This post was updated on September 3rd, 2020
Learning Adobe ® Lightroom
Last time we looked at the Manual Tab in the Lens Corrections Panel. Today we continue our exploration of the Develop Module with the Transform Panel.
- The Transform Panel in Adobe ® Lightroom
- What kind of tools does the Transform Panel offer?
- The buttons of the Upright section in the Transform Panel
- The Sliders of the Transform section
- Vertical Slider
- Horizontal Slider
- Rotate Slider
- Aspect Slider
- Scale Slider
- X-Offset Slider
- Y-Offset Slider
The Transform Panel in Adobe ® Lightroom
As you can see in the next figure, the Transform Panel has two sections. The Upright section with six buttons and the Transform section with seven sliders and a checkbox to constrain the crop.
The Update tool in the upper right corner and the Constrain Crop checkbox in the bottom work independently from the section in which you find them located.
It is possible to use the sliders of the Transform section and the buttons of the Upright section in combination. However, to do so, you have to first use the Upright section and then make finer adjustments in the Transform section. If you use the Transform sections sliders first and then a button from the Upright section, your sliders will be moved back into their initial position.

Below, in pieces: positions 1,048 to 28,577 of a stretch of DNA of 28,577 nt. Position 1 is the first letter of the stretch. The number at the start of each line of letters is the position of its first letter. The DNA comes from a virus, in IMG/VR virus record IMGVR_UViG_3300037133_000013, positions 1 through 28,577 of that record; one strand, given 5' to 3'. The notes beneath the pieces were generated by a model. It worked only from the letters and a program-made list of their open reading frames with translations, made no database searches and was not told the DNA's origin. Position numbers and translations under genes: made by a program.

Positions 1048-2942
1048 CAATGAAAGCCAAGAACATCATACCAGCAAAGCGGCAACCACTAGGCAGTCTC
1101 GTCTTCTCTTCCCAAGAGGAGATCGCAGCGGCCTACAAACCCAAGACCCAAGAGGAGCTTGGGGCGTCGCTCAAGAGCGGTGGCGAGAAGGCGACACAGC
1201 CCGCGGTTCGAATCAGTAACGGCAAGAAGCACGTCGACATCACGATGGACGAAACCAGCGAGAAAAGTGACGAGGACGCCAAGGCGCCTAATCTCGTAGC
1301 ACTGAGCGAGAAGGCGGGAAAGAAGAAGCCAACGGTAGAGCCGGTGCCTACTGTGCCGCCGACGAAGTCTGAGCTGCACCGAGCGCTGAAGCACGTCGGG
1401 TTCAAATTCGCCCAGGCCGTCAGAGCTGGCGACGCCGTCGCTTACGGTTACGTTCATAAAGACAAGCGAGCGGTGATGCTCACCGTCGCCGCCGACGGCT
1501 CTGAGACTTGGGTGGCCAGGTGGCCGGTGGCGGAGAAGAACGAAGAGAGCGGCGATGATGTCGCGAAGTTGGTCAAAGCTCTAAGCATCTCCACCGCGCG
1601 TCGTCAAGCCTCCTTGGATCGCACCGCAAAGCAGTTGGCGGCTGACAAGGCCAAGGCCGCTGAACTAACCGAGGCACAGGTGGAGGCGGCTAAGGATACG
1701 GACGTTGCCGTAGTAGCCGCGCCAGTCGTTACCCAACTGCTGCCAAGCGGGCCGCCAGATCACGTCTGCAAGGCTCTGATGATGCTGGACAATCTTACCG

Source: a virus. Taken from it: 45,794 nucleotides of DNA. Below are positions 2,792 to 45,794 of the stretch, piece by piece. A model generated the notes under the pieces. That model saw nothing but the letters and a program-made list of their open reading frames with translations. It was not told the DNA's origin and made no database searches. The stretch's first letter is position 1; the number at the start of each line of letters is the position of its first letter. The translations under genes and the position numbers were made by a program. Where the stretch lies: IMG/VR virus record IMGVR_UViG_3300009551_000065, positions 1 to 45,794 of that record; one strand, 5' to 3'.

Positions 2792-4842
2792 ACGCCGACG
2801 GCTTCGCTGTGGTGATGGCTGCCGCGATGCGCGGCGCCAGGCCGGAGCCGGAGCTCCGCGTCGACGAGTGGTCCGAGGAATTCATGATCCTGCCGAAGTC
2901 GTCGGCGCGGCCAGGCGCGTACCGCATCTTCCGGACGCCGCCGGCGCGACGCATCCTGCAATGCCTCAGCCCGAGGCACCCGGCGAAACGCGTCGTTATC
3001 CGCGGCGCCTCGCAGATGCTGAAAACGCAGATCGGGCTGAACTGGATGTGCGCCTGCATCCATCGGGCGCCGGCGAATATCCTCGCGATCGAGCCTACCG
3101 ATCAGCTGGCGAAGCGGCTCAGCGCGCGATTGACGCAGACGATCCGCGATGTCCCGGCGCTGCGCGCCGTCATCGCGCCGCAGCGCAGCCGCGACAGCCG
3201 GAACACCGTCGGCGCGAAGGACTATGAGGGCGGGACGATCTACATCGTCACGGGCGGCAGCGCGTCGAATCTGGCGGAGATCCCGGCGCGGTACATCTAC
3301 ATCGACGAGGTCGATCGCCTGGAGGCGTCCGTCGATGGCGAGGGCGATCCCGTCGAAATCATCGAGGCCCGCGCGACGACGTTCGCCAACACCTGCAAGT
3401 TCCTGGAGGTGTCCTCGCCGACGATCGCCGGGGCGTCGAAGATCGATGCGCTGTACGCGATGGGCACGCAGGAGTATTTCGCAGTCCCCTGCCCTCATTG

What kind of tools does the Transform Panel offer?
This Panel gives you some helpful tools to counteract lens distortion.
Wait; what? Did we not just through the last two articles cover lens distortion? Yes, we did. However, the Lens Corrections Panel might not always be capable of helping you to remove all the lens distortion from your image. Finetuning the distortion removal of the Lens Corrections Panel is when the Transform Panel comes into the game of post-processing.
Since both the Lens Corrections Panel and the Transform Panel correct lens distortion, it is advisable to use the Lens Corrections Panel’s distortion removal before you move on to the Transform Panel.
Should you, for whatever reason, have to change settings in the Lens Corrections Panel after you have applied settings in the Transform Panel, you need to click on the Update tool to trigger a re-calculation. This Update tool is only active if you have used Lens Corrections after you made any changes to the Transform settings.